Local IPv6 unicast addresses, as defined in [ULA], have the following Local IPv6 unicast addresses, as defined in [ULA], have the following
characteristics: characteristics:
- Globally unique prefix. - Globally unique prefix.
- Well known prefix to allow for easy filtering at site - Well known prefix to allow for easy filtering at site
boundaries. boundaries.
- Allows sites to be combined or privately interconnected without - Allows sites to be combined or privately interconnected without
creating any address conflicts or requiring renumbering of creating any address conflicts or requiring renumbering of
interfaces using these prefixes. interfaces using these prefixes.
skipping to change at page 2, line 50 skipping to change at page 3, line 4
- Well known prefix to allow for easy filtering at site - Well known prefix to allow for easy filtering at site
boundaries. boundaries.
- Allows sites to be combined or privately interconnected without - Allows sites to be combined or privately interconnected without
creating any address conflicts or requiring renumbering of creating any address conflicts or requiring renumbering of
interfaces using these prefixes. interfaces using these prefixes.
- Internet Service Provider independent and can be used for - Internet Service Provider independent and can be used for
communications inside of a site without having any permanent or communications inside of a site without having any permanent or
intermittent Internet connectivity. intermittent Internet connectivity.
- If accidentally leaked outside of a site via routing or DNS, - If accidentally leaked outside of a site via routing or DNS,
there is no conflict with any other addresses. there is no conflict with any other addresses.
- In practice, applications may treat these addresses like global - In practice, applications may treat these addresses like global
scoped addresses. scoped addresses.
This document defines the the characteristics and technical
allocation requirements for centrally assigned Local IPv6 addresses.
Topics that are general to all Local IPv6 address can be found in the Topics that are general to all Local IPv6 address can be found in the
following sections of [ULA]: following sections of [ULA]:
3.3 Scope Definition 3.3 Scope Definition
4.0 Routing 4.0 Operational Guidelines **
5.0 Renumbering and Site Merging 4.1 Routing
6.0 Site Border Router and Firewall Packet Filtering 4.2 Renumbering and Site Merging
7.0 DNS Issues 4.3 Site Border Router and Firewall Packet Filtering
8.0 Application and Higher Level Protocol Issues 4.5 Application and Higher Level Protocol Issues
9.0 Use of Local IPv6 Addresses for Local Communications 4.6 Use of Local IPv6 Addresses for Local Communications
10.0 Use of Local IPv6 Addresses with VPNs 4.7 Use of Local IPv6 Addresses with VPNs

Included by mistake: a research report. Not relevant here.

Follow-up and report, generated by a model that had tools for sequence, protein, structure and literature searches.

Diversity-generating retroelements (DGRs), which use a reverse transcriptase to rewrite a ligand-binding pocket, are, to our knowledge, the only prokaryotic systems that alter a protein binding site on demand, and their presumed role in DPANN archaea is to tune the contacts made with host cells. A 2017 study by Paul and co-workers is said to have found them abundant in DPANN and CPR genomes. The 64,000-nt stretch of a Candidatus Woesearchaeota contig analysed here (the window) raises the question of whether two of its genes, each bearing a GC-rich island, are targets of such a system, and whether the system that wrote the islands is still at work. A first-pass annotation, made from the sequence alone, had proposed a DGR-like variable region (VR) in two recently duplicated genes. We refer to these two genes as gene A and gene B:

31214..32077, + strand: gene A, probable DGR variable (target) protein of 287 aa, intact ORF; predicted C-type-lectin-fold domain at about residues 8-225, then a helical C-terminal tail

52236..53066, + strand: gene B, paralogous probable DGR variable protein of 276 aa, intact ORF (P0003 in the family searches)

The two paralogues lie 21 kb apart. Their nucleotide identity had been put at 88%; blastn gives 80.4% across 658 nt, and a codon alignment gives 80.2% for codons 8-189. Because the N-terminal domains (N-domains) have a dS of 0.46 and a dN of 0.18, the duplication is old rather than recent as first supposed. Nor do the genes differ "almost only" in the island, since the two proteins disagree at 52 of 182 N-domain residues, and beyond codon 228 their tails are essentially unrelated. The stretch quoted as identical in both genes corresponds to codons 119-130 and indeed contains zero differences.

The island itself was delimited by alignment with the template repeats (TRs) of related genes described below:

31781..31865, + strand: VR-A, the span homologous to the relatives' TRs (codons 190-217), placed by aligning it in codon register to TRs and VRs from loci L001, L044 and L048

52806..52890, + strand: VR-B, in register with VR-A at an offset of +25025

11.0 Advantages and Disadvantages 6.0 Advantages and Disadvantages
** Operational guidelines specific to centrally assigned Local IPv6
addresses are in Section 4.0 of this document.
The key words "MUST", "MUST NOT", "REQUIRED", "SHALL", "SHALL NOT", The key words "MUST", "MUST NOT", "REQUIRED", "SHALL", "SHALL NOT",
"SHOULD", "SHOULD NOT", "RECOMMENDED", "MAY", and "OPTIONAL" in this "SHOULD", "SHOULD NOT", "RECOMMENDED", "MAY", and "OPTIONAL" in this
document are to be interpreted as described in [RFC 2119]. document are to be interpreted as described in [RFC 2119].
2.0 Acknowledgments 2.0 Acknowledgments
The underlying idea of creating Local IPv6 addresses described in The authors would like to thank Brian Carpenter, Charlie Perkins,
this document been proposed a number of times by a variety of people. Harald Alvestrand, Keith Moore, Margaret Wasserman, Shannon Behrens,
The authors of this draft do not claim exclusive credit. Credit goes Alan Beard, Hans Kruse, Geoff Huston, Pekka Savola, Christian
to Brian Carpenter, Christian Huitema, Aidan Williams, Andrew White, Huitema, Tim Chown, Steve Bellovin, Alex Zinin, Tony Hain, Leslie
Charlie Perkins, and many others. The authors would also like to Daigle, and Bill Fenner for their comments and suggestions on this
thank Brian Carpenter, Charlie Perkins, Harald Alvestrand, Keith document.
Moore, Margaret Wasserman, Shannon Behrens, Alan Beard, Hans Kruse,
Geoff Huston, Pekka Savola, Christian Huitema, and Tim Chown for
their comments and suggestions on this document.
3.0 Centrally Assigned Local IPv6 Unicast Addresses 3.0 Centrally Assigned Local IPv6 Unicast Addresses
3.1 Format 3.1 Format
The Centrally assigned Local IPv6 addresses are created using a The Centrally assigned Local IPv6 addresses, based on Unique Local
pseudo-random global ID. They have the following format: Addresses [ULA], have the following format:
| 8 bits | 40 bits | 16 bits | 64 bits |
+--------+------------+-----------+-----------------------------+
| prefix | global ID | subnet ID | interface ID |
+--------+------------+-----------+-----------------------------+
| 7 bits |1| 40 bits | 16 bits | 64 bits |
+--------+-+------------+-----------+-----------------------------+
| Prefix |L| Global ID | Subnet ID | Interface ID |
+--------+-+------------+-----------+-----------------------------+
Where: Where:
prefix FC00::/8 prefix to identify centrally assigned Prefix FC00::/7 prefix to identify Local IPv6 unicast